The China Syndrome: The Impact of the SARS Epidemic In Southeast Asia [Summary]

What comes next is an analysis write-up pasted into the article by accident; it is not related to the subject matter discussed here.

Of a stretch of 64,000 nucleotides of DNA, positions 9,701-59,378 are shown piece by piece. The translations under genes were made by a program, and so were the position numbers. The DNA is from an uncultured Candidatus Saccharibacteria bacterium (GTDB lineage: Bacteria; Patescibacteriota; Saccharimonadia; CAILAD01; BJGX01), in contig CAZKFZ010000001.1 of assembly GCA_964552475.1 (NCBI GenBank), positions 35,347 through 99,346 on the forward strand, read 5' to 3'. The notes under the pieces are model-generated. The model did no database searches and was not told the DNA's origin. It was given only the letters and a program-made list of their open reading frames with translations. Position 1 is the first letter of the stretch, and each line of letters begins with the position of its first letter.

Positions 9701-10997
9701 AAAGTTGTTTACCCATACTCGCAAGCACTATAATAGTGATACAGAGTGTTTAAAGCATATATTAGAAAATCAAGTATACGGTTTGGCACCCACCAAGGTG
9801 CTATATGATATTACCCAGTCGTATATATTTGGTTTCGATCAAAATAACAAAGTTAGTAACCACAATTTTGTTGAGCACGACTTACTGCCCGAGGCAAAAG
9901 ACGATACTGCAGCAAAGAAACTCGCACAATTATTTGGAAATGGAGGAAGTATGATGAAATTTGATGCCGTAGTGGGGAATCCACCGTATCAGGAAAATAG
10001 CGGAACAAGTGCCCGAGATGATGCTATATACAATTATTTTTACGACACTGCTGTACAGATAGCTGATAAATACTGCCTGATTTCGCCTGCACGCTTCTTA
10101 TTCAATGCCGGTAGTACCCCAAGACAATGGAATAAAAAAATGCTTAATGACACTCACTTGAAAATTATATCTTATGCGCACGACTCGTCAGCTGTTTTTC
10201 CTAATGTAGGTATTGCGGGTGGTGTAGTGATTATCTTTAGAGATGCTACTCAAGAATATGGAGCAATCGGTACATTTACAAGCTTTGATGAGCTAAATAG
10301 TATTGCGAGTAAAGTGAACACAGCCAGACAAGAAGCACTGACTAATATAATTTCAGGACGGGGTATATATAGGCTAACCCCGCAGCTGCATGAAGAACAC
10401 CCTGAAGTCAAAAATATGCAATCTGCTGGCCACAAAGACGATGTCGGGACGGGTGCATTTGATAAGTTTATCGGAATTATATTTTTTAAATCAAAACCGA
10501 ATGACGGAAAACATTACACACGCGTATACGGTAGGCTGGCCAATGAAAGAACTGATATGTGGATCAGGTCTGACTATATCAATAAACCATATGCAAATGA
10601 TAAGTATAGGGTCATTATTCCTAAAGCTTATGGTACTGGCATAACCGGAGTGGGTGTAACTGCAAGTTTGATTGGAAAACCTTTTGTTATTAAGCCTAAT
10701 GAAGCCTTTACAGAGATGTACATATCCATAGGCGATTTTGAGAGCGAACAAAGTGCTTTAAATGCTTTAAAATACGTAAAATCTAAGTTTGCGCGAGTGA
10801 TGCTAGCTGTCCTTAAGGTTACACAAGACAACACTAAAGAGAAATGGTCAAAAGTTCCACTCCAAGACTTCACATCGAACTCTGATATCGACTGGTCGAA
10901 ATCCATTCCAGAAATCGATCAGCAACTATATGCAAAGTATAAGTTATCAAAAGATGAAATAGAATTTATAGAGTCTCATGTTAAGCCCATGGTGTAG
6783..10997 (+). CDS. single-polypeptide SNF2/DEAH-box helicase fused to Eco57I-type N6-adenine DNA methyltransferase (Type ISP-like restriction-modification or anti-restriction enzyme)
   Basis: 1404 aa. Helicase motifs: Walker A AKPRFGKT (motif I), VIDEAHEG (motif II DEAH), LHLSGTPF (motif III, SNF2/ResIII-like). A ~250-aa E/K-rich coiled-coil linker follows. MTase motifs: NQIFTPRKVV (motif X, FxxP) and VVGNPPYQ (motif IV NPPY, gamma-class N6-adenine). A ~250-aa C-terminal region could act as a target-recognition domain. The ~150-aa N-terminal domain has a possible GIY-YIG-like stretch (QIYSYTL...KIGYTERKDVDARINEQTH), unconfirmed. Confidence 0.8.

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SARS is a coronavirus, like the common cold. However, its origin in southern China implies a zoonotic pathway, similar to influenza's. If SARS started as a water-borne bird virus, it might have been passed via faecal droppings to a chicken or a pig, or even directly to people. Three "superepidemics," known as pandemics, of influenza encircled the globe during the 20th century. History teaches us that the devastating 1918 influenza epidemic began with a modest level in the spring that faded away during the summer, only to explode and wreak global devastation the following fall and winter. The first was the 1918 Spanish Flu, a scourge that killed over 20 million people world-wide, including 500,000 in the U.S. The 1957 Asian Flu and the 1968 Hong Kong Flu killed 69,800 and 33,800 respectively in the U.S. Flu pandemics happen when the flu virus mutates, swaps genes with another organism inside an infected animal, or jumps from animals to humans. Travel restrictions are now in place at airports around the world after the World Health Organization (WHO) urged airports in SARS-affected cities to question passengers about their health before check-in and to discourage anyone who had a fever within the past 24 hours from flying. In addition to the airports serving Beijing, Shanghai, Guanghzou, Hong Kong, Singapore and Hanoi, restrictions have also been introduced in Toronto. This came after an elderly couple returning from Hong Kong brought the SARS disease to Canada, where there have been almost 300 reported cases. In addition to restrictions at airports and the WHO's travel warning, many countries have urged their citizens to reconsider traveling to Asia. This would not just adversely impact the region's tourist industry, but also other business activities (Anonymous, "Not only bad for your health," 2003). "This article summary is distributed under a Creative Commons Attribution 4.0 license (CC BY).